In 2015, Potential Difference were approached by theatre company The Future Is Unwritten with a brief of devising a way of giving audience members the impression that they had been hacked, as a key part of their production Still. Clearly, the approach had to be legal and ethically responsible and to tie into the themes of privacy and image-taking that the play was tackling.
We spent a few days in workshops with writer/director Paul Hodson and production manager Chris Umney while they were in the early stages of developing the script for Still. During that time we proposed a few different approaches we could take, what effect they might have on an audience, how likely they would be to work and what the technical challenges would be. At the end of this process we decided settled on the approach of developing a smartphone app for use by audience members. We made a prototype to accompany work-in-progress performances of Still at Ovalhouse in 2015. This was then developed a full version for the finished production.
About the show
In 2009 (reallife) Vivian Maier died lonely and alone in Chicago. Among her possessions were a treasure trove of photographs- now becoming acknowledged as the best street photography of the 20th century. Yet Maier lived a “reclusive” life - working as a nanny and taking photos in her spare time - never speaking about her, let alone wanting her work exhibited. Yet now her outstanding work is shown all over the world, books of her photographs have been published and a play is being made about her life... She would have been aghast that her privacy had been invaded.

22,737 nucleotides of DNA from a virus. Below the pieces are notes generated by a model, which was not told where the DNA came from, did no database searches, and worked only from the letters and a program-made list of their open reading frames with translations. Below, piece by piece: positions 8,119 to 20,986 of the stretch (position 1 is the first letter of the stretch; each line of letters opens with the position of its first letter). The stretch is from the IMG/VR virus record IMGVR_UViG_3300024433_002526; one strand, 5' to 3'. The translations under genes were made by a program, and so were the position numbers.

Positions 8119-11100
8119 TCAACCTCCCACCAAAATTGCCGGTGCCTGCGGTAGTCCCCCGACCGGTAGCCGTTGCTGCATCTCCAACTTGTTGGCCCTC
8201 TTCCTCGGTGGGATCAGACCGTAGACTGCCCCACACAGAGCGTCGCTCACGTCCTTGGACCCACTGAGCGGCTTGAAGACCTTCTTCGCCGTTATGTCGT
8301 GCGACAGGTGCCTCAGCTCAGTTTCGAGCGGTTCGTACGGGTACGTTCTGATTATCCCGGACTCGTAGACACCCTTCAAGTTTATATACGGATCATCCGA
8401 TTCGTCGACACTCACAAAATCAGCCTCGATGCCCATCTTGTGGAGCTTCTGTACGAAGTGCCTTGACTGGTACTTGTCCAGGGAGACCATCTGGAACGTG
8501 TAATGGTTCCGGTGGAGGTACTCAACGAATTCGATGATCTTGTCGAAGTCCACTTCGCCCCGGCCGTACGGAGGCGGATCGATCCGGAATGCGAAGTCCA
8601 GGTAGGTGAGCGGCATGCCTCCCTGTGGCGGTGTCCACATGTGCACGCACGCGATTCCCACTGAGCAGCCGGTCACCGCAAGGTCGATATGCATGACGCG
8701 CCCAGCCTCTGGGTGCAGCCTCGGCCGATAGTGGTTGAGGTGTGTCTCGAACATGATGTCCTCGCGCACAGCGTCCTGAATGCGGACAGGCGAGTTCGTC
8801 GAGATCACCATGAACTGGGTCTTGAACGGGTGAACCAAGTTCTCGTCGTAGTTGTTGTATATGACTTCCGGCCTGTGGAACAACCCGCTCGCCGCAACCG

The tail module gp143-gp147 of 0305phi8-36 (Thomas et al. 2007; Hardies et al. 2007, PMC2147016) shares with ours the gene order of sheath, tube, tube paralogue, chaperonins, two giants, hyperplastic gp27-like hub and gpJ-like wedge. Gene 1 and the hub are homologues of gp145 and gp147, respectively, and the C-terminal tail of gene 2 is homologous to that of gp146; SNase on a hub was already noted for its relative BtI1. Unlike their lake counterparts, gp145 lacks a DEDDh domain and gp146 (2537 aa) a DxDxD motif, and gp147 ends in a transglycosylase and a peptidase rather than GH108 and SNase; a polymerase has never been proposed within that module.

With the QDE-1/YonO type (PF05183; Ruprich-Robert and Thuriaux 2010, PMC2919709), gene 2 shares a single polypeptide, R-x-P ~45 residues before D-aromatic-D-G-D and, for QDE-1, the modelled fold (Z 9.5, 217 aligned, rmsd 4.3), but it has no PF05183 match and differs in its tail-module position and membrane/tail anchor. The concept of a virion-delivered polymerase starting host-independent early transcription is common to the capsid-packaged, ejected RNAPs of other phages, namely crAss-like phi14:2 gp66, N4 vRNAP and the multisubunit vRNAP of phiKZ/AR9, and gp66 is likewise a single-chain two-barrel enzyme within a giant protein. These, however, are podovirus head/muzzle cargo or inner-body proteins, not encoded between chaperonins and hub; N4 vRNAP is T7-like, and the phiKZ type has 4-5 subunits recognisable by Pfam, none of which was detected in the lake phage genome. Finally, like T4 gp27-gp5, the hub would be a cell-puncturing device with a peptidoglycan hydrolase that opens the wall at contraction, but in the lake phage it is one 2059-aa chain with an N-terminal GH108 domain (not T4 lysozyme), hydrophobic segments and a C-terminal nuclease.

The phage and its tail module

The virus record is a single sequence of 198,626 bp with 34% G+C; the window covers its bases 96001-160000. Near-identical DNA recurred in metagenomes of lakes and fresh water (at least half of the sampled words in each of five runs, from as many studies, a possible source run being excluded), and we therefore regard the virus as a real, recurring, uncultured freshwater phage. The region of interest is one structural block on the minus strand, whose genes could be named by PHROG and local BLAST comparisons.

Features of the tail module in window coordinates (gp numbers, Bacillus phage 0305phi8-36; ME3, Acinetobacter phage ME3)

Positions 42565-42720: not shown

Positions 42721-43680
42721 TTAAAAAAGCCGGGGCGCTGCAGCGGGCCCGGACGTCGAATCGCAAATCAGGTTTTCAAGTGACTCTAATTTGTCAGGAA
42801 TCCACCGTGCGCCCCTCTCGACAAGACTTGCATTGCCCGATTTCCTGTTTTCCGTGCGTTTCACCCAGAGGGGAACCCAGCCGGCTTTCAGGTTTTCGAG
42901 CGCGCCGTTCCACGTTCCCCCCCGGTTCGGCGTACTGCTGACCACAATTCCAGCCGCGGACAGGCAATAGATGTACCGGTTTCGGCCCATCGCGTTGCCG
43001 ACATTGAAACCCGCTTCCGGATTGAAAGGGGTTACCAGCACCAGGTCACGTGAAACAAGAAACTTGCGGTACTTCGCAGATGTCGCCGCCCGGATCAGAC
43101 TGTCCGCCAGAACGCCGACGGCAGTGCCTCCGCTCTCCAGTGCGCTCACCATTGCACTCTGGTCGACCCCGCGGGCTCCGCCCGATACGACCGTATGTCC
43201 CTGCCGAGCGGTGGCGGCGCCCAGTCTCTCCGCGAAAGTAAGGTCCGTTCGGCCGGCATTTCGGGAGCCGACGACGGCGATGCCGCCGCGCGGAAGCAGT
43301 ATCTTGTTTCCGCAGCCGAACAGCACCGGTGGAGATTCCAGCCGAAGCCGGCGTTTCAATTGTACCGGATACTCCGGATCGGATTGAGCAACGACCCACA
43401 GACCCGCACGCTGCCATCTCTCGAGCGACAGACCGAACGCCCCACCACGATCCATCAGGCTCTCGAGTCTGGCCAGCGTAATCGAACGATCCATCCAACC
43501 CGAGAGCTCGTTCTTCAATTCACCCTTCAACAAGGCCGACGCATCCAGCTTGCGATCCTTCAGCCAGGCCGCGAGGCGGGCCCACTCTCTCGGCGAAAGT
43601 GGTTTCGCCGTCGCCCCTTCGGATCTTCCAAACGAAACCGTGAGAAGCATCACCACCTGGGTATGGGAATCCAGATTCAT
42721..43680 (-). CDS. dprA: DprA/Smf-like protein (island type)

H is a (fictional) hacker from London. She H “procures data” for big companies and governments and her workload and lifestyle are doing her in. On the verge of a meltdown she finds herself in Chicago encountering the work and life of a dead photographer...
Still is a magical realist imaginary meeting between H and Maier. Set in a gallery space it’s funny, edgy, emotional experience: celebrating Maier’s work and exploring what we give away - knowingly and unwittingly.